Melbourne sustainable home dining room
Lucinda and Darcy sit at the beautifully handcrafted table from Gratton Design.
bushland sustainable home dining room
The impressive steel tilt door completely opens up to the garden.

The matching bench and Scandinavian-style dining chairs (try Icon By Design) are unobtrusive, allowing nature’s backdrop to shine. “I’m most proud of the indoor/outdoor connection – the old house was totally cut off from the backyard,” says Lucinda. 

sustainable bushland home timber kitchen
(Photography: Marnie Hawson)
timber kitchen concrete floor
The kitchen’s timber cabinetry is by Skyline Kitchens and the ‘Slimline’ pulls are from Linear Standard. (Photography: Marnie Hawson)
bushland family home kitchen living
Ethnicraft’s ‘Tripod II’ coffee table and ‘Tully’ side table, both from Globe West, continue the timber tones in the living room. (Photography: Marnie Hawson)

Dulux Lexicon walls and raw concrete floors provide the foundation for a simple but elegant timber kitchen by Skyline Kitchens, the green ‘Inax plain 50 J13’ tiles from Artedomas adding a touch of colour and referencing those in the living room. ‘Sketch Tami’ barstools from Globe West Bar complement the architectural elements and offer a casual place to perch at the island, which is adorned with luxurious Tundra Grey marble from Peraway Marble.

bushlnd family home concrete staircase
A concrete and inlaid timber stairway links the existing house to the new extension. (Photography: Marnie Hawson)
bushland home timber bedhead recess
Tranquility and a peaceful sleep beckons in the pared-back earthy main bedroom, where Cultiver bedlinen and handprinted cushions by ethically minded Australian company Ink & Spindle create a relaxing vibe against the warm tones of reclaimed spotted gum. (Photography: Marnie Hawson)
sustainable home office
Lucinda at work in the study. The ‘Pia’ desk lamp in Nude is from Mayfield. (Photography: Marnie Hawson)

Timber is a highlight of the home. “We used leftover timber here on the bedroom and bathroom walls and for my entire office at the back of the garden,” says Hamish. “On the exterior, we used sustainably grown and harvested silvertop ash radial-cut timber, which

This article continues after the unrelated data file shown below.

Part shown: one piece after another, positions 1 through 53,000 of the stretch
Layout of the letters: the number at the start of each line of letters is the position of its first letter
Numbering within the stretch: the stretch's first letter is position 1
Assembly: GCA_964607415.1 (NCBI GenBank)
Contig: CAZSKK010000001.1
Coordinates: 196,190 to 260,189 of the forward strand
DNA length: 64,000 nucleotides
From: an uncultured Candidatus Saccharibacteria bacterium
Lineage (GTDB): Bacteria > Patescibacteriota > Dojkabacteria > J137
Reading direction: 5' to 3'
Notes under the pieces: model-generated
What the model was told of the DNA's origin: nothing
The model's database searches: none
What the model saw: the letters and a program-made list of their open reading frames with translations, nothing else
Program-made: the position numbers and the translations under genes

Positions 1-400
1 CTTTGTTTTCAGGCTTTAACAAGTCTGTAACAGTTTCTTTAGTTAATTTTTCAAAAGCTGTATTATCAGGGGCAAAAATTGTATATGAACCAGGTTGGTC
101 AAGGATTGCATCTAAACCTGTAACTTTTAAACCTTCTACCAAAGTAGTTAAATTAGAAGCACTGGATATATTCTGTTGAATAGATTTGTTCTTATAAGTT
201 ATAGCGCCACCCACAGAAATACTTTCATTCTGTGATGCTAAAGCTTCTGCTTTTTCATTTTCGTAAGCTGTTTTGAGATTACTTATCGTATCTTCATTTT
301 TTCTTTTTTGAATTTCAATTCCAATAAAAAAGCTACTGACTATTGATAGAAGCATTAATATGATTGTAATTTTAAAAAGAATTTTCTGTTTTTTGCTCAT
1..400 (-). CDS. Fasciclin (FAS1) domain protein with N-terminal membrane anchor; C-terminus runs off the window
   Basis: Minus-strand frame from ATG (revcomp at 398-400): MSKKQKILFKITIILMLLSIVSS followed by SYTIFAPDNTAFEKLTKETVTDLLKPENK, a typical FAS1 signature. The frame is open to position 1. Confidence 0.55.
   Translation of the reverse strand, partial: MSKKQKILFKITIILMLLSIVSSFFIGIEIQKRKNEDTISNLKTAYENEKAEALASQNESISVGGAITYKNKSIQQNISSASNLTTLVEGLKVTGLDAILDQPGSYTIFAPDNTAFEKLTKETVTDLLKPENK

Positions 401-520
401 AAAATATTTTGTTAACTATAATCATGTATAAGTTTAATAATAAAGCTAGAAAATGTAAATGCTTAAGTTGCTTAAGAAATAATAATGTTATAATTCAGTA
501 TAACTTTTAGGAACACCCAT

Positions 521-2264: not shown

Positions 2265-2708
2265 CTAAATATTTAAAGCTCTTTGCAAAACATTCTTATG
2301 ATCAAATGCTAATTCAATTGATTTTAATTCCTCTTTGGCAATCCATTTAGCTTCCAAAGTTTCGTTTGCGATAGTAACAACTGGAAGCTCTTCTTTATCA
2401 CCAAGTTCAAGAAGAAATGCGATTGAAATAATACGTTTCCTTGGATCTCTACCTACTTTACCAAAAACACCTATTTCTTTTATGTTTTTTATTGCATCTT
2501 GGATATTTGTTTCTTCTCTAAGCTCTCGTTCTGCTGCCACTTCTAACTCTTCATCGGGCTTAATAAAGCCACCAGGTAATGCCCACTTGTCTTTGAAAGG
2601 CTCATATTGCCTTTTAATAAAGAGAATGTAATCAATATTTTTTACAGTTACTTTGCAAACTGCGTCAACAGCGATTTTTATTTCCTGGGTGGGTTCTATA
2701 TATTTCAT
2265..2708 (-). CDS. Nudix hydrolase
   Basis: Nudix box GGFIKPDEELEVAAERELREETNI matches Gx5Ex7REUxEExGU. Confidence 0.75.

essentially uses more of the log and is less wasteful.” Visit radialtimbers.com.au.

bushland family home timber bathroom freestanding bathtub
For black tiles, try Beaumont Tiles, and for a similar back-to-wall freestanding bath, check out the Reece ‘Posh Solus’ range. (Photography: Marnie Hawson)

Promising a luxe, languid soak and a view of the treetops, the striking monochrome bathroom is warmed by a spotted gum wall and a timber vanity, repurposed from a set of drawers. For black tiles, try Beaumont Tiles, and for a similar back-to-wall freestanding bath, check out the Reece ‘Posh Solus’ range. “The natural textures of baskets and plants soften the edges in a bathroom,” says Lucinda.

sustainable home office studio
Hamish in his work-studio-with-a-view. (Photography: Marnie Hawson)

In the garden, a space once home to the washing line now hosts, a rustic enclave made from timber offcuts and “bits of decking board and recycled sleepers” provides plenty of fun for family and friends around the fire pit. “We didn’t want it to be ‘polished’. We knew kids would be jumping over the benches and we wanted it to be the kind of area that you could spill beer and it wouldn’t matter,” says Hamish.

bushland sustainable home firepit
bushland timber home family portrait
The family, and beloved pet Poppy, at the front of the house.

The home sits comfortably within its natural environment, the contrasting materials and the ‘perfectly imperfect’ salvaged stud fencing creating kerb appeal that’s both characterful and low-key. “We’re not flashy people and part of the brief was not to see the extension from the road,” says Hamish.

Melbourne bushland sustainable timber home

Building design: Maxa Design, (03) 9013 0449, maxadesign.com.au.
Builder: Sanctum Homes, yoursanctum.com.au.
Interior architecture and design: Hearth, hearthstudio.com.au.
Interior design: Hè Hè Design, hehedesign.com.au.
Kitchen and joinery: Skyline Kitchens, (03) 9706 7020.
Hard landcaping: Esjay Landscapes + Pools, (03) 9888 8625, esjaylandscapes.com.au.


Related stories